If the investors still had cold feet, the Emerys said, Graham would take out photos of the gold mine he said he was already operating in Mexico. “In the pictures were, Congressman Bob Wilson and I believe, [retired U.S. Navy Admiral] Bob Baldwin. They said one was coming out of Mexico and the Mexican government was allowing the raw dirt to come out in barrels as samples and to be processed here. He did not know how or when but felt it was coming soon. I he ore tested from this mine showed that it might be the largest gold strike in North American history.”
It was Clifford Graham’s last, most audacious lie. And, year after year, millions of dollars after millions of dollars, he was getting away with it. No lawmen came knocking on his door. Somehow, seemingly intelligent, clever politicians and business-men, hit up at Super Bowl parties, political fundraisers, and the weddings of the rich and powerful, had been enticed to part with millions of dollars for a golden chimera. How a small group of “inside” investors, along with Mrs. Graham herself, finally discovered the con, and why they were so reluctant to tell others who had invested in the scheme, would soon become the subject of heated dispute.
Herb Dow had long been a good friend of Jack Kemp’s. Dow’s top lobbyist was said to live just down the block from Kemp’s house in Bethesda, Maryland. Over the years, Dow and Dow Chemical, where Dow held a seat on the board, had poured hundreds of thousands of dollars into Kemp’s various campaigns, as well as a foundation Kemp had established to spread the gospel of free enterprise, and in the bargain promote Kemp for president.
According to newspaper stories, Kemp reported receiving a $5000 honorarium from Dow Chemical for a 1985 speech. And later, when Kemp ran for president in 1988, Dow’s then-president was a key member of his campaign committee. Dow later testified he had sunk at least a million dollars into the goldmining scheme of Clifford Graham. It was regarded as a sure bet. Graham had given hundreds of thousands of dollars over the years to a vast collection of Republican politicians with San Diego ties, including Congressman Kemp, Bob Wilson, Bill Lowery, and many others.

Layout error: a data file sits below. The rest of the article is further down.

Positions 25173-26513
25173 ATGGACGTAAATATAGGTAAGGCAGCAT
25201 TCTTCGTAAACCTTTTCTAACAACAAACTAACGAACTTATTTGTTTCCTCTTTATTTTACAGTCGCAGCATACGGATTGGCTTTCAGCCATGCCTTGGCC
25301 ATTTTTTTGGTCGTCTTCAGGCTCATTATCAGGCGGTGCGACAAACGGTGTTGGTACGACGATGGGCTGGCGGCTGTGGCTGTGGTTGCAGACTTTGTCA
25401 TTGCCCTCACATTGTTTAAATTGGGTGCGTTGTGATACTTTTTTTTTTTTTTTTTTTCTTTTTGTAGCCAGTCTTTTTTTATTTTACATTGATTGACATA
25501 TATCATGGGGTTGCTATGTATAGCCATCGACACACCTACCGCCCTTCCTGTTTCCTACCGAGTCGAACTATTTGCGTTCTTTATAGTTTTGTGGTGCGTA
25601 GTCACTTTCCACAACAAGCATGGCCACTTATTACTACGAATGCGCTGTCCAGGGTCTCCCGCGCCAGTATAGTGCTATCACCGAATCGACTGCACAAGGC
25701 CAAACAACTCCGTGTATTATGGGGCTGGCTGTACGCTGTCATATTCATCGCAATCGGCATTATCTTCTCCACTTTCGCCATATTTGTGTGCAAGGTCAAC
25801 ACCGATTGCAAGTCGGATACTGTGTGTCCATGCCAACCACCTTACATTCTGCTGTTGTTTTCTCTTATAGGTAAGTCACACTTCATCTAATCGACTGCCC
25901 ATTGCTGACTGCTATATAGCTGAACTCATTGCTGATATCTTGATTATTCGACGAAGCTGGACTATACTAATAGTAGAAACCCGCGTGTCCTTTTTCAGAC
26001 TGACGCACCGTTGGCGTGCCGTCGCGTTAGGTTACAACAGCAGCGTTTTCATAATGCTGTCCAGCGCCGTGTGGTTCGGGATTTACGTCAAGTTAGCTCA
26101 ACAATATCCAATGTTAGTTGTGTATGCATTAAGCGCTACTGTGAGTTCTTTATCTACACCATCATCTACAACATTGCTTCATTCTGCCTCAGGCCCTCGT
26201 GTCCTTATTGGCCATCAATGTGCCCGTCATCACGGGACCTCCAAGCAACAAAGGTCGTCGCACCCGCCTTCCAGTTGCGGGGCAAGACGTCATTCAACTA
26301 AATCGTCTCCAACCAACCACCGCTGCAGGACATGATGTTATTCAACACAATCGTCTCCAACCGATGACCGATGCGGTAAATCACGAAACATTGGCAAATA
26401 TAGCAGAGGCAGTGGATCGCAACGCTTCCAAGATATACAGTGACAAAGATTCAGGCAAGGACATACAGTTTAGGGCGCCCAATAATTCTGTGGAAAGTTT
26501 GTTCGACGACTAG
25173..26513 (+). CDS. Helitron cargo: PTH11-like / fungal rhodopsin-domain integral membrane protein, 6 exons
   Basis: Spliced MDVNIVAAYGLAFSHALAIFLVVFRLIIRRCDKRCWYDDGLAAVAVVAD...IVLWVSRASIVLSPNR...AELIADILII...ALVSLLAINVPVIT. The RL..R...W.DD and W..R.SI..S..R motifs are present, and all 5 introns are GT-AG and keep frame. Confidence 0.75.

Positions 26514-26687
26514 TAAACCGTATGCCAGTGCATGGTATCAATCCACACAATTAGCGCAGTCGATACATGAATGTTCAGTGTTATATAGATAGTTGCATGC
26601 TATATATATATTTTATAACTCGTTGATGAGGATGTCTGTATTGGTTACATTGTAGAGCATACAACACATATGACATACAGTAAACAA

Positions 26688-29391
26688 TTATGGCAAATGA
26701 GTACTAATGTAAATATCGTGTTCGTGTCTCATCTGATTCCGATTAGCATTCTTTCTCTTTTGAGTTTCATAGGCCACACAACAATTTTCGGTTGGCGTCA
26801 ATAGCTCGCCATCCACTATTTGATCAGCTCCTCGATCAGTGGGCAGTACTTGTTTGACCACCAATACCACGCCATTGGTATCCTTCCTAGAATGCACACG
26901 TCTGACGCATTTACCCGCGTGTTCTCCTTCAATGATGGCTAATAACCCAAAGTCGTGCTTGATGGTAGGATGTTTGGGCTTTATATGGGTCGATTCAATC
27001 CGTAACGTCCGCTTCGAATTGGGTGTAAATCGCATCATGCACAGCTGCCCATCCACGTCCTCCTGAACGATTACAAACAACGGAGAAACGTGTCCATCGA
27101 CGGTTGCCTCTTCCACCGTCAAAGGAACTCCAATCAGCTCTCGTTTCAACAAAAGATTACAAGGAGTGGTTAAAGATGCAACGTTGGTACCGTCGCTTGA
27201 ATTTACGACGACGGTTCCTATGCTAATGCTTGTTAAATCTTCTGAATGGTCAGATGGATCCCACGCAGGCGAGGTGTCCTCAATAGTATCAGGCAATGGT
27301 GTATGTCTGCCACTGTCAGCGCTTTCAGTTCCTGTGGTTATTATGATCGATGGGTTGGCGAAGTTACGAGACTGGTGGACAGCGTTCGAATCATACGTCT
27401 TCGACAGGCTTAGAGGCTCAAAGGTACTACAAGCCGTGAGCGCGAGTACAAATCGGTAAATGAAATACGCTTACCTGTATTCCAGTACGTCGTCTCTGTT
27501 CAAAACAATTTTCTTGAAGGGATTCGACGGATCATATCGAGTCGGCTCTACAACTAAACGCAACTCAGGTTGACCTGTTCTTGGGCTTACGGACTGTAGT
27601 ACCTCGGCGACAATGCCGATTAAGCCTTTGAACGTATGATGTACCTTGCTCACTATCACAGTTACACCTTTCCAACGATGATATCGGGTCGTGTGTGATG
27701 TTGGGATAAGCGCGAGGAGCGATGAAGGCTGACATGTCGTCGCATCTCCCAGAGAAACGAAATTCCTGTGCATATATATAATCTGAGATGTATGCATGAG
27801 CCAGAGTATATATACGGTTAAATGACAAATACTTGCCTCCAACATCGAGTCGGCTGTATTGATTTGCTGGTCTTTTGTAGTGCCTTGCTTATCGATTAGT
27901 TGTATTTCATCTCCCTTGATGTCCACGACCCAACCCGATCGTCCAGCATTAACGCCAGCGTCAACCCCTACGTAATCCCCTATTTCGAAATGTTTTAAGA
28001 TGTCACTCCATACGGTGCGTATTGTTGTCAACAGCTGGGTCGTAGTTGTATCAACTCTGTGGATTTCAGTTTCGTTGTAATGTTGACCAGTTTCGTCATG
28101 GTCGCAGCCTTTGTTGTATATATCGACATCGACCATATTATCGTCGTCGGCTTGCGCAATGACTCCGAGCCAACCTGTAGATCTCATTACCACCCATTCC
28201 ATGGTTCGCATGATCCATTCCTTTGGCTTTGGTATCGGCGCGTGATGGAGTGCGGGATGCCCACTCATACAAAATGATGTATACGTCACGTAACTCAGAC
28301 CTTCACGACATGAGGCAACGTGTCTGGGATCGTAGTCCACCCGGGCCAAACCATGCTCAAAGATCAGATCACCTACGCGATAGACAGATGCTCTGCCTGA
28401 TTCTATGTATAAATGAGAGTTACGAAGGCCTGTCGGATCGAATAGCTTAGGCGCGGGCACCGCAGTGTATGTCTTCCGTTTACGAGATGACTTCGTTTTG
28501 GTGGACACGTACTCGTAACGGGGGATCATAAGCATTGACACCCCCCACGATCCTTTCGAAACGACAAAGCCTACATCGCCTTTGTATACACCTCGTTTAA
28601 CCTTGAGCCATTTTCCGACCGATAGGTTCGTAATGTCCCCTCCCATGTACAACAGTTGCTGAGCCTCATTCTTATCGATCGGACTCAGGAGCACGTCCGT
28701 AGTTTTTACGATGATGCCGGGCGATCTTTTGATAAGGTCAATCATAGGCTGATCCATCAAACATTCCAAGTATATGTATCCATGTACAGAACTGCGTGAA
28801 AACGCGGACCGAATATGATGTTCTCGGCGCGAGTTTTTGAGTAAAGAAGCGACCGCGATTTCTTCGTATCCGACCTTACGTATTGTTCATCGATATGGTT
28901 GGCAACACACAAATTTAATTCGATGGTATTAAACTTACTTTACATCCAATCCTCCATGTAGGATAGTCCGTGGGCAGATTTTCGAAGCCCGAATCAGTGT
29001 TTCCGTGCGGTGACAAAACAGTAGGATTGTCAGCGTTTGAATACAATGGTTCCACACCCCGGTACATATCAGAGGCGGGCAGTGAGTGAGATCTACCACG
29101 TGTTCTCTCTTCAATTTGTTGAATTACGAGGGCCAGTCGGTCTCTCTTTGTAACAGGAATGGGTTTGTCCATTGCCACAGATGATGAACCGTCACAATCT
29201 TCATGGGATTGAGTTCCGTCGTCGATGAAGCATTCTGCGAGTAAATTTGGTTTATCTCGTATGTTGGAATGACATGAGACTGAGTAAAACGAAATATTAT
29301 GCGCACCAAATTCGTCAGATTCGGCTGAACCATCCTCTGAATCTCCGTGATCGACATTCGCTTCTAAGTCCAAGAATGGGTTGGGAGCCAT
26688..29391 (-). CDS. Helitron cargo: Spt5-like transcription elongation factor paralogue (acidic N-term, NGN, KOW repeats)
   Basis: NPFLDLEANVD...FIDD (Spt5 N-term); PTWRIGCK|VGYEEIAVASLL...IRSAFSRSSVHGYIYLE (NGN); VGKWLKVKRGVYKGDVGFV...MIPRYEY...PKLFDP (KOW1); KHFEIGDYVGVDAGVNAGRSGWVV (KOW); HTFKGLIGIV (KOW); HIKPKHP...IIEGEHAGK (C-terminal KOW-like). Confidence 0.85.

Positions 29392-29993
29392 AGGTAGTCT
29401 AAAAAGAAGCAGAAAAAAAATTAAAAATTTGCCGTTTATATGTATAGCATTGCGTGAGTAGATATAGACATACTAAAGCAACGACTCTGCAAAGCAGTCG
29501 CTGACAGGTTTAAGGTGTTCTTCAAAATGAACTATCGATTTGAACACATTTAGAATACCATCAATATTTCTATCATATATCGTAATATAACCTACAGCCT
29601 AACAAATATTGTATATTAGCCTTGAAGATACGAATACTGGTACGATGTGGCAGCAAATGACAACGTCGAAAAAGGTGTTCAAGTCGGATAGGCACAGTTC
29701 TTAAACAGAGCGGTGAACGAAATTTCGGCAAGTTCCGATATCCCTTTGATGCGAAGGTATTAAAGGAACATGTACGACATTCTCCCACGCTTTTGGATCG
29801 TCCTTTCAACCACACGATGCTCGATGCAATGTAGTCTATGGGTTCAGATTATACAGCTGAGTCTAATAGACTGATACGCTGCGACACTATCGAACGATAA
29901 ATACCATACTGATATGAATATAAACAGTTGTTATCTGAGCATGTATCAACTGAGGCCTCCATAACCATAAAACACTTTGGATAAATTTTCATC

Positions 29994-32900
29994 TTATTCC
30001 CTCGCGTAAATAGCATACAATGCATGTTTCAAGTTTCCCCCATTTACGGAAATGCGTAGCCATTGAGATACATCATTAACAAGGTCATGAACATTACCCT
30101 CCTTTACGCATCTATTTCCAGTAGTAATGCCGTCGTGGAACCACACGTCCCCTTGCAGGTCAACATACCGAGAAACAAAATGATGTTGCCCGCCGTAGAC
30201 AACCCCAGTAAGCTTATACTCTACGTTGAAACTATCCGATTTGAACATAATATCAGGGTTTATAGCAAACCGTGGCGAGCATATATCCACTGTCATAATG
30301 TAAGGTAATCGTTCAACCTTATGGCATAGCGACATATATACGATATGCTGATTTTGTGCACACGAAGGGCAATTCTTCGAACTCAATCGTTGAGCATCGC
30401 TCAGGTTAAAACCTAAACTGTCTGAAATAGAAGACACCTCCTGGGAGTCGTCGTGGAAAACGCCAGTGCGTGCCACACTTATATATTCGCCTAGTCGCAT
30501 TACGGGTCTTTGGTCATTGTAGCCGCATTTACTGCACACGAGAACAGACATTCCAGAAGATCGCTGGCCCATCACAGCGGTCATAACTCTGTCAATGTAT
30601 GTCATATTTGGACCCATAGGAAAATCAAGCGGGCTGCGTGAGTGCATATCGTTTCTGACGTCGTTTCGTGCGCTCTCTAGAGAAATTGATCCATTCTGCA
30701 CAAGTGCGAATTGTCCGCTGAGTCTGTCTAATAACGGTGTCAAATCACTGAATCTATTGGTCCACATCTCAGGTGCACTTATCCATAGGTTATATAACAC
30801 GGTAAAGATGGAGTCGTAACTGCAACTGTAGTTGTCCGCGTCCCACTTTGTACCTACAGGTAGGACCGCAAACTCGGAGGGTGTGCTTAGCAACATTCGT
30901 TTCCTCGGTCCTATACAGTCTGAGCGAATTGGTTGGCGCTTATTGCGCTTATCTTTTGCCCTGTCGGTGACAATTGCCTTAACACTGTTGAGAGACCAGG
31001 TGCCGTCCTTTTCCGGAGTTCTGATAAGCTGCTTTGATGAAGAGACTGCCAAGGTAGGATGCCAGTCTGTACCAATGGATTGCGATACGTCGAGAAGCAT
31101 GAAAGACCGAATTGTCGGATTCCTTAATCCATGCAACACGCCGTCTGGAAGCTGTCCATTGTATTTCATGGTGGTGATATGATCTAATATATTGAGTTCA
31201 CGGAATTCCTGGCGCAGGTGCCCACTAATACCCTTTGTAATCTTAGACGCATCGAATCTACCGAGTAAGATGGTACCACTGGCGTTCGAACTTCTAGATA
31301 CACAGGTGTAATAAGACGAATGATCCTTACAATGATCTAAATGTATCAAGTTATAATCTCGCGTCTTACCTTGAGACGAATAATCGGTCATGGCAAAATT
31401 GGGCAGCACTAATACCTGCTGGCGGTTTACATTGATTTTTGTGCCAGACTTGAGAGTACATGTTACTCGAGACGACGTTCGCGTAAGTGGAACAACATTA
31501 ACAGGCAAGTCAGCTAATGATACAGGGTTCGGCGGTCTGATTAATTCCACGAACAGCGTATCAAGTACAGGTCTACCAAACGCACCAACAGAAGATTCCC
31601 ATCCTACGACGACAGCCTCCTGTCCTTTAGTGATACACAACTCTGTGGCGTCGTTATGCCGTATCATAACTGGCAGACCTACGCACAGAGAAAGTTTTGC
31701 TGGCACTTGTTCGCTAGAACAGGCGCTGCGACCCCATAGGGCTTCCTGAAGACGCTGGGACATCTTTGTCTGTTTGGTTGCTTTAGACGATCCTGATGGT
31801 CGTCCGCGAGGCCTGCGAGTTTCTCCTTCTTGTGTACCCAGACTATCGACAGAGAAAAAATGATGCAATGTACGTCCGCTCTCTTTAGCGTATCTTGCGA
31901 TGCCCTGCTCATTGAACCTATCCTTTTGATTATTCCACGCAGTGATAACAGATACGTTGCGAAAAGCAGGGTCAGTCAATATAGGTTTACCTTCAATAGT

But suddenly, in June of 1984, questions of where Graham’s money came from were being asked, and cryptic but disturbing reports were coming out of California about Graham’s gold venture. Dow found himself on a plane bound for San Diego, on a mission to untangle the affairs of Graham before they got out of hand. The Au Magnetics bankruptcy trustee later alleged that Dow had a second motive: to put a lid on the story.
As recounted in court records, on June 7 Dow and a small group of others, including Texan Bill Haardt, Graham’s lawyer Carmine Bua, Au Magnetics president Robert Baldwin, investor Stanley Swartz, and two private investigators, arrived at Graham’s Kline Street building for what came to be known as “the Palace Revolt.” “After luring Graham out of his penthouse office on a pretext, Bua, acting in his capacity as an officer and director of Au Magnetics Management, presented Graham with a written demand for inspection of the records. While Graham was forcibly kept out of the penthouse, Baldwin, acting under color of his position as an officer and director of Au Magnetics Management, searched Graham’s private files for lists of Au investors.”
According to an even more colorful account that appeared in the San Diego Tribune shortly after the raid, Bua feared Graham might shoot them. “We brought the [investigators] along because we knew Graham carried guns on him. We asked to frisk him; we found he was wearing a pistol in the holster in the back of his pants. We asked for the gun because we weren’t going to sit there in a room with a man with a loaded gun.”
“Haardt conducted his own independent search for information,” according to the bankruptcy trustee, “and removed some three or four feet (six to eight file storage boxes) of files from Graham’s penthouse office. These files included, among other things, banking and financial information about Graham, Au Magnetics Management, and the various other entities.”